In Sudan, unlike in Egypt in 2011, this meant protesters and/or civil society groups ensuring that they had a seat at the table before they surrendered the street.

In Lebanon, protests escalated as a result of the elite’s attempt to address the crisis with the appointment as prime minister of Hassan Diab, widely seen as beholden to Hezbollah, the Iranian-backed militia and political group.

Mounting violence on the streets of Lebanon and Iraq in which hundreds of protesters have been killed or wounded will do little to rebuild confidence in the military and allied security forces.

If Lebanon and Iraq are anything to go by, clashes are likely to escalate and leave deep-seated scars.

“Our backs are against the wall. We have nothing more to lose. We are fighting a regime with a history of 40 years of corruption and their armed defenders,” said a masked protester on the streets of Beirut. 

Taking journalist and scholar Rami Khouri’s analysis of what he terms ‘revolutions’ that are pitted against the decades-old ‘resistance’ of hard-line Arab states, Iran and its non-state Arab allies who opposed the US, Israel, and conservative Gulf states Saudi Arabia and the United Arab Emirates as a starting point, militaries become outposts of a political system that has produced brutal autocracies and/or economic and environmental mismanagement.

“Arab and Iranian ruling elites and their own citizens now openly fight and resist each other, seeking to define their countries’ identities and policies. This is probably the most consequential ideological battle in the Middle East since its state system was established a century ago,” Mr. Khouri said.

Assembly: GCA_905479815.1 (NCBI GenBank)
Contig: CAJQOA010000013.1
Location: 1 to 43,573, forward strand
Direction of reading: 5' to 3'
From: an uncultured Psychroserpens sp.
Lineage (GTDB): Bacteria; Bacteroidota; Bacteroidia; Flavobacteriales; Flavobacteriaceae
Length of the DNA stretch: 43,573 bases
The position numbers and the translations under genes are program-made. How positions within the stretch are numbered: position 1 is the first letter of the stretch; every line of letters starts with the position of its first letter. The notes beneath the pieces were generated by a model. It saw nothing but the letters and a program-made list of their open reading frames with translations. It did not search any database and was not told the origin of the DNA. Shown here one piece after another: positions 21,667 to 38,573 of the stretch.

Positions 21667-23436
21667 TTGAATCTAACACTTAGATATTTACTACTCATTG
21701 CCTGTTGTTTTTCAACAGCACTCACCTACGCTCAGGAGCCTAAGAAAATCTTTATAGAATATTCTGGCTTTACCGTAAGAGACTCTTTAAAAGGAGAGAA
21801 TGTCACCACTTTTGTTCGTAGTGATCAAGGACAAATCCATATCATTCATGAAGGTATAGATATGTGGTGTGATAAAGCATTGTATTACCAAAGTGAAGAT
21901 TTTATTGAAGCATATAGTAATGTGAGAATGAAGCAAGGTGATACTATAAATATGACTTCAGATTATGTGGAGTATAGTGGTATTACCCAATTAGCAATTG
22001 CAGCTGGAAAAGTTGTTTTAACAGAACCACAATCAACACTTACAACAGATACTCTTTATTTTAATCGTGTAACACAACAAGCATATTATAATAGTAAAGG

It’s an epic battle that has turned the once revered military into yet another institution that finds itself on the wrong side of history.

While Arab protesters have made that clear on the streets of Khartoum, Algiers, Beirut, and Baghdad, Iranian students demanded the departure and demise of the Revolutionary Guards in anti-government demonstrations prior to and after the recent killing of Iranian general Qassim Soleimani.

“The only way out of our current predicament is the simultaneous rejection of both domestic despotism and imperial arrogance. We need a politics that doesn’t merely claim security, freedom, and equality for a select group or class, but that understands these rights as inalienable and for all people,” said a statement by Iranian students demanding an end to all foreign interference in the affairs of the region, be it by the United States, Iran or the conservative Gulf states.

This article was originally published on The Turbulent World of Middle East Soccer blog.

James M. Dorsey is a senior fellow at the S. Rajaratnam School of International Studies at Singapore’s Nanyang Technological University, a syndicated columnist and the author of the blog, The Turbulent World of Middle East Soccer. A veteran, award-winning foreign correspondent whose career focused on ethnic and religious conflict, James focuses at RSIS on political and social change in the Middle East and North Africa, the impact of change in the Middle East and North Africa on Southeast and Central Asia and the nexus of sports, politics and society in the Middle East and North Africa and Asia.